One of Aadhaar’s biggest promises is the opportunity to open bank accounts (which require identification). Yet, poor, marginalized Indians, even with an ID, find formal banks to be unfriendly and difficult to join. For example, the anthropologist Ursula Rao foundthat the homeless in India—even after registering for Aadhaar—were blocked from banking, most frequently for lack of proper addresses, but more fundamentally because, as she notes, biometric identification “cannot establish trust, teach the logic of banking, or provide incentives for investing in the formal economy.” Bank managers remain suspicious and exclusionary, even if an identity project is inclusive. Without broader reforms—including rules for who may or may not access identity details—novel identification infrastructures will become tools of age-old discrimination.

Another, more practical drawback is that biometric technology is particularly ill-suited for individuals who have spent years in manual labor, working in tough conditions where their fingerprints wear down or they may even lose full fingers or limbs. Even with small authentication error rates—say, the 1.7 percent that recent estimates from Aadhaar suggest—the number of failures in a population the size of India’s can be enormous. Aadhaar has already enrolled 240 million people, with plans to reach all residents. You do the math.

The growth of these systems is due in part to the lack of public education and consultation, as well as the paucity of technical expertise to advise on the risks and pitfalls of surveillance technologies. But certainly the international donors and humanitarian organizations that support these initiatives have a responsibility to critically assess and build in safeguards for these technologies. Given the enormity of the challenge facing these organizations, it is perhaps easy not to prioritize issues like privacy and security of personal data, but the same arguments were once made against gender considerations and environmental protections in development. Aid programs that involve databases of personal information—especially of those most vulnerable and marginalized—must adopt stringent policies and practices relating to the collection, use, and sharing of that data. Best practices should include privacy impact assessments and consider the scope for “privacy by design” methodologies.

As the rhetoric around Aadhaar makes clear, the promise of a quick technical solution to intractable social problems is alive and well. However, it is time to recognize that human development involves the protection of civil liberties and individual freedoms, and not blindly rush into the creation of surveillance states in the name of development and poverty alleviation. Donors and aid organizations need to remember that the other 5 billion deserve privacy, too.

 

SOURCE- slate.ocm

Andhra Pradesh -Biometric information of 14 lakh #Aadhaar applicants goes missing #UID


 | May 1, 2013 | Postnoon

Beware!-Vital-info-missing-3

Biometric information from over 14 lakh people has gone missing. This could lead to vital data falling into criminal hands.

What can be a greater loss to a city than the loss of identities of its citizens? While the Aadhaar card, projected as a “smart mix of politics and economics,” promises to deliver the “one ultimate identity” to all the citizens of India, its progress report in Andhra Pradesh has no reassuring remarks.

Forget ultimate identity, there seems to be no guarantee of our identities anymore.

On April 8, the Unique Identification Authority of India (UIDAI) publicly agreed that several lakh Aadhaar enrolments and data were lost. What is described as a “technical error” is in reality the loss of biometrics and personal information of 14 lakh Aadhaar card-seeking citizens of Andhra Pradesh.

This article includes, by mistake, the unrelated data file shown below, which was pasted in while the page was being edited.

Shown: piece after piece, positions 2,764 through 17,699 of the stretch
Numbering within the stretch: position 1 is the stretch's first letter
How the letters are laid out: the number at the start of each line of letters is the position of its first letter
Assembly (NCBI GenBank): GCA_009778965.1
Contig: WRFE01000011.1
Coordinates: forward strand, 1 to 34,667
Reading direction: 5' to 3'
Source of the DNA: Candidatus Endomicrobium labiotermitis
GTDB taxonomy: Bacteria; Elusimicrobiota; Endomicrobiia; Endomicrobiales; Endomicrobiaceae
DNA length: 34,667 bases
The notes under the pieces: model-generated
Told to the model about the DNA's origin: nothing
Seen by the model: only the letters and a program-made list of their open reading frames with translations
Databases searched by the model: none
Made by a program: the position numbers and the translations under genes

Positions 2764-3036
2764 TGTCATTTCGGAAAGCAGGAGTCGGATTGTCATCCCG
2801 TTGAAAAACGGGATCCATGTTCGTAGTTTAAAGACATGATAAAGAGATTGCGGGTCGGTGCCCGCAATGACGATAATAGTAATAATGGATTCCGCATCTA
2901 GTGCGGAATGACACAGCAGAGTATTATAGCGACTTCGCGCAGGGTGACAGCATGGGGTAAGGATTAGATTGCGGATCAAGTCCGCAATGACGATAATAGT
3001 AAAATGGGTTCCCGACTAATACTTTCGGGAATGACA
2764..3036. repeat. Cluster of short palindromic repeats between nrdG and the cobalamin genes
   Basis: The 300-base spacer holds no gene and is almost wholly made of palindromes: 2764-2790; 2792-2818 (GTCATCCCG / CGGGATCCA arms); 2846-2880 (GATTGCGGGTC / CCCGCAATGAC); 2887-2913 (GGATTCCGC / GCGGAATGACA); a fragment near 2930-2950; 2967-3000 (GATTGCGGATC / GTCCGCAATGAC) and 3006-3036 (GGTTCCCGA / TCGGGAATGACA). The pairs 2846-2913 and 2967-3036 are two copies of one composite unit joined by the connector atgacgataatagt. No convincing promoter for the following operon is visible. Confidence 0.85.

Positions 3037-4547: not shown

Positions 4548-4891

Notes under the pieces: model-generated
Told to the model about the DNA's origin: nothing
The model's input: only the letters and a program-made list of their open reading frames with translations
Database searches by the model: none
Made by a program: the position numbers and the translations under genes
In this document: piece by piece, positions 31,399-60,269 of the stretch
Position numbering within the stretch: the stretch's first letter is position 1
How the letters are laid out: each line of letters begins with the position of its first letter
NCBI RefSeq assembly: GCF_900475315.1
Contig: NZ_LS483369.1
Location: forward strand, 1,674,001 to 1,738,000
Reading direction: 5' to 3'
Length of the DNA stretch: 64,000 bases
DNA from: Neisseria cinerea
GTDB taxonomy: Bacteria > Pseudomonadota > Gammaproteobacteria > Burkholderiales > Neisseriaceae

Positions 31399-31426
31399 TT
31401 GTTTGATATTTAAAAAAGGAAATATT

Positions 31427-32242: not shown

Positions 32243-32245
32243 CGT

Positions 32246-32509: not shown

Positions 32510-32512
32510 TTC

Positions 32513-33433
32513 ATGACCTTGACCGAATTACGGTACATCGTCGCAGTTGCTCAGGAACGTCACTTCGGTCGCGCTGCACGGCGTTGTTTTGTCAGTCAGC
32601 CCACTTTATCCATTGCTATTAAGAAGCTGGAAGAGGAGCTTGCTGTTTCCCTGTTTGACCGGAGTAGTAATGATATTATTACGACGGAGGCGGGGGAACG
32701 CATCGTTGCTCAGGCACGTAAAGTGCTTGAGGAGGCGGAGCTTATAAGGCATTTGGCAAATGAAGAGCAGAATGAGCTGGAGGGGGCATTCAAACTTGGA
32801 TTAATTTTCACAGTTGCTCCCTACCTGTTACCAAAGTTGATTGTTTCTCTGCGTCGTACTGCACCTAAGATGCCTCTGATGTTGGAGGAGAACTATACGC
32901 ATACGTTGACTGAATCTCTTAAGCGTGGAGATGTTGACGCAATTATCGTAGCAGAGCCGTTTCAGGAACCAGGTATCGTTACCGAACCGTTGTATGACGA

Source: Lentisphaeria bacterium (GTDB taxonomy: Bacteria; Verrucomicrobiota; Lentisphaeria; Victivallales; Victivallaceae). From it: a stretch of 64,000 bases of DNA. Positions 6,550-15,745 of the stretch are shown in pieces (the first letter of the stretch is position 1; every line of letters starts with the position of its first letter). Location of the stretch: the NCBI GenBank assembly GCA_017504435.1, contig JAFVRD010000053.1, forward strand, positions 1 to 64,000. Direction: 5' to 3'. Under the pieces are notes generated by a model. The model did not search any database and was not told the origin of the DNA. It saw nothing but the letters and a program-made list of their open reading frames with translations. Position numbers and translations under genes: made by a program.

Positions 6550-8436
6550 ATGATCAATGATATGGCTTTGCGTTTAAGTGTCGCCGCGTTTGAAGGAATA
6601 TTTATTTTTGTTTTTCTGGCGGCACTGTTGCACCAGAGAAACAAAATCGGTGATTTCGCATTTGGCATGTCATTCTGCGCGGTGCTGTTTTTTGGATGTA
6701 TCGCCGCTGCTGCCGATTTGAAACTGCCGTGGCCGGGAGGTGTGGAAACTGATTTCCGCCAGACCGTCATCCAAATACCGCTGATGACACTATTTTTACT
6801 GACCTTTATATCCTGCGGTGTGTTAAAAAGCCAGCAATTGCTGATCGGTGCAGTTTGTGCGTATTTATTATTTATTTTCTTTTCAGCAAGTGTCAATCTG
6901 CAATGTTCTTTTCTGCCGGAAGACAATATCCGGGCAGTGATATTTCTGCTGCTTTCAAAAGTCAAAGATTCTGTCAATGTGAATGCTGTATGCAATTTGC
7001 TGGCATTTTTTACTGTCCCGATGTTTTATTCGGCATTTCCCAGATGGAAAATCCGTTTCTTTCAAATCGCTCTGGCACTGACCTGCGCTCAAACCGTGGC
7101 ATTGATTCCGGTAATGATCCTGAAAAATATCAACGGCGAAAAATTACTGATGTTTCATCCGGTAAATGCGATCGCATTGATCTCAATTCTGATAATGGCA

Over two lakh citizens in Hyderabad have not found their Aadhaar enrolments online. Fearing public backlash, the UIDAI authorities were able to retrieve over seven lakh enrolments through data retrieval, but have been unable to retrieve the other half. Postnoon investigates.

Current Enrolment Status

Even as the deadline for Aadhaar-c link gets closer, there seems to be little or no co-ordination among any of the three major players — the AP civil supplies and district collectorate, private enrolment agencies and the UIDAI — in the Aadhaar game.

“The selling point of this project was the promise of transparency and accountability. Except for the UIDAI’s website, our State government’s civil supplies or district

collectorates do not seem to have found the need to be accountable,” says Raoji Brahmanand, RTI activist and Aadhaar applicant.

The official explanation for the data loss is that private enrolment agencies had employed agents who developed differences over their remuneration and left the project mid way. Some claim that laptops and equipment containing data also went missing.

“But since high encryptions guard the enrolment data and biometrics, it cannot be decrypted. We are trying to retrieve the data currently,” says an official from UIDAI.

According to data gathered by Postnoon from UIDAI and district collectorate authorities, the current population of the City stands at roughly 82 lakh. Out of this, only 53,28,183 have enrolled for Aadhaar and a little over 30 lakh UID numbers have been generated.

Ask why this slow pace of enrolments and loss of data, S Vijaypal, deputy district collector of Hyderabad collectorate says, “No idea. We are only forwarding whatever enrolment data we receive to the State government and UIDAI.”

The morale among officials handling the Aadhaar project is low and it is evident why.

Here are the current statistics of the Aadhaar project in Hyderabad:

Beware!-Vital-info-missing-2

Beware!-Vital-info-missing-1Beware!-Vital-info-missing

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#India – Why is #Aadhaar being shoved down our throats? #UID


 

Why is Aadhaar being shoved down our throats?

 

At Tembhli village in Nandurbar district, a day before the launch of the UID in 2010.The village received the first numbers under the project.

At Tembhli village in Nandurbar district, a day before the launch of the UID in 2010.The village received the first numbers under the project.